Smith Lab Research Projects
The primary research interest of the Smith Lab is the sensory biology of fish hearing. Projects in the lab examine the teleost auditory system in biomedical, environmental, and ecological/evolutionary contexts.
The auditory sensory cells of fishes are called hair cells. These cells are similar in form and function to mammalian hair cells, but while mammalian hair cells that are damaged as a result of loud sounds or ototoxic chemicals are not replaced, deafened fish have the capability to regenerate hair cells and recover their hearing. We are studying the process of hair cell death and regeneration following acoustic trauma in goldfish and zebrafish. Such baseline data is needed to begin to understand how hair cell regeneration occurs in fish and why such regeneration does not occur in mammals. Recently, hair cell developing has been shown to be regulated by specific genes (e.g., Atoh1, Rb1, and p27Kip1) in the mammalian auditory system and manipulating gene expression can result in hair cell regeneration. We are currently examining the natural expression of these genes (such as growth hormone) in zebrafish ears that are undergoing hair cell regeneration. For more information: Auditory hair cell regeneration.
High levels of sound are known to have significant effects on the auditory system and overall physiology of humans and other animals. Although there has been recent concern about the effects of anthropogenic sounds, such as those produced by Navy sonar or seismic surveys, on marine mammals, little is known about how such intense underwater sounds affect other marine life such as fishes. Some of my projects focus on how loud sounds damage the ears and hearing capabilities of fishes. We examine damage to the hair cells of fish ears using scanning electron microscopy (SEM) and fluorescent microscopy and the effect on fish hearing using electrophysiological methods (auditory evoked potentials). Loud continuous sounds can cause temporary hearing loss in fishes, with the extent of hearing loss increasing with noise exposure duration and intensity, and recovery of hearing occurring within a few days or weeks. The extent of hearing loss is also species specific- fishes with more sensitive hearing thresholds are more prone to hearing loss, whereas non-sensitive fish are barely affected. The latter was shown in a long term-study on the effects of aquaculture noise in rainbow trout. I have proposed a model termed the Linear Threshold Shift Hypothesis (LINTS) to predict the extent of noise-induced hearing loss in fishes, and this model should be beneficial in mitigating the effects of anthropogenic sound on fishes. Other effects of noise include acoustical masking and physiological and behavioral stress responses, which also depend on species and noise type. For more information: Effects of anthropogenic sound on fishes.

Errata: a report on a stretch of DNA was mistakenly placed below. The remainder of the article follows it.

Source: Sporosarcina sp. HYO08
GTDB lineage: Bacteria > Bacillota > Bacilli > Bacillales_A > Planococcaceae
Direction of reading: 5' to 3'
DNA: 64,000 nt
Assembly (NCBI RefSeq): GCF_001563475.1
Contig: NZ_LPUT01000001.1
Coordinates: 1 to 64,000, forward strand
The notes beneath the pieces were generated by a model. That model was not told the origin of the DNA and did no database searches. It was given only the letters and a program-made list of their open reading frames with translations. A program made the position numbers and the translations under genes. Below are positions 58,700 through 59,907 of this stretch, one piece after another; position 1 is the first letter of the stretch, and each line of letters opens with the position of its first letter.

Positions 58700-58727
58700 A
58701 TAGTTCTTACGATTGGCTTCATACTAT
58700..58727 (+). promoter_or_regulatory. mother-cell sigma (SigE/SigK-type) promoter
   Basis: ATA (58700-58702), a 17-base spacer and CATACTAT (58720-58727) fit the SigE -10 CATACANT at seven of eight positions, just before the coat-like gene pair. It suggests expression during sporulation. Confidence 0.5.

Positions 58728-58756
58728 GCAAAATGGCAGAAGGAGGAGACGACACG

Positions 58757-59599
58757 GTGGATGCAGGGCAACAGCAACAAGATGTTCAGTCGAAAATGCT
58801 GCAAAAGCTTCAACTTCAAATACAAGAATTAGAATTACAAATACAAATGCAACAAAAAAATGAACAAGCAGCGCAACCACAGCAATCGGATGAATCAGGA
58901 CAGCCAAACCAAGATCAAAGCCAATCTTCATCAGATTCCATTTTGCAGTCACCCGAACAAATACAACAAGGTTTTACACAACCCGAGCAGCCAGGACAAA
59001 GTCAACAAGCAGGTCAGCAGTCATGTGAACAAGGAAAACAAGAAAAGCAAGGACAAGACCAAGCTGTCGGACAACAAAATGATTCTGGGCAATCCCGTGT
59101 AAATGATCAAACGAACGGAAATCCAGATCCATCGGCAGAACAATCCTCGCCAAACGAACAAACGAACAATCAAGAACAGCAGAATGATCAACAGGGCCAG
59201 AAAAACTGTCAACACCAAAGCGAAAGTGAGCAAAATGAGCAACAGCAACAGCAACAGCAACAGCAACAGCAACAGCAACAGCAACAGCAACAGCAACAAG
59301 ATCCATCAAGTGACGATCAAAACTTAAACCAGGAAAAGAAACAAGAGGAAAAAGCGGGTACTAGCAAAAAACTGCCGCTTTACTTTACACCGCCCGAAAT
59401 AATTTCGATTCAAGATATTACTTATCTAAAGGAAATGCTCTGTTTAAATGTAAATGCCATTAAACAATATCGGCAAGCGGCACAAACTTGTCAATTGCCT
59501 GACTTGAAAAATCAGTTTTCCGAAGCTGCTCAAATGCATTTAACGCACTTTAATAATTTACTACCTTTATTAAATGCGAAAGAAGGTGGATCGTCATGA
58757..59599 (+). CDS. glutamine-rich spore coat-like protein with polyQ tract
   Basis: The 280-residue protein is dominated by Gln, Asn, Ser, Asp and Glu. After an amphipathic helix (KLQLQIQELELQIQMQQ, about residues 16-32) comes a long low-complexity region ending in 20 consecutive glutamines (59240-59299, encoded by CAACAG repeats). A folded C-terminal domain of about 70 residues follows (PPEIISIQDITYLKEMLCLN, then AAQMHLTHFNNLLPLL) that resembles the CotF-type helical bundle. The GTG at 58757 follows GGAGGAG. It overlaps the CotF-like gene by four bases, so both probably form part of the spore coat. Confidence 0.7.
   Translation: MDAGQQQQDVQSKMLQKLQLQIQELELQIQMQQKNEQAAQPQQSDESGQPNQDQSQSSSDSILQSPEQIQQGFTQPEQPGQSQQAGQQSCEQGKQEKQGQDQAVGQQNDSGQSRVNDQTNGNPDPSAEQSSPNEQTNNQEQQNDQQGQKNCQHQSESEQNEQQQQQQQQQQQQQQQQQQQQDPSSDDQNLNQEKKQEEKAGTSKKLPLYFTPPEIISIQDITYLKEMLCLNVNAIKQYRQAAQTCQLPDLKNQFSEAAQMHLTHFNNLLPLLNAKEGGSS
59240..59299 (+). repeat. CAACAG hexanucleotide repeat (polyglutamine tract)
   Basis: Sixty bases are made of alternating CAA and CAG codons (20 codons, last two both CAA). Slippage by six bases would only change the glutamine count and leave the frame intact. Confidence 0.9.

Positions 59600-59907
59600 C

It is generally agreed that the sense of vertebrate hearing first evolved in fishes. Fishes are the most speciose of the vertebrates and exhibit a diverse range of form, function, and ecological niches. Thus they provide a wonderful opportunity to study the evolution of hearing. We are currently examining a family of catfishes (Loricariidae) that have a unique bi-lobed swim bladder and holes in their skull adjacent to their swim bladder. These catfishes also produce sounds by stridulating their pectoral fins and we are interested in understanding the behavioral context of these sounds. Our goal is to understand the acoustical significance (in terms of hearing and/or sound production) and evolution of these unique structures. For more information: Bioacoustics of loricariid catfishes.
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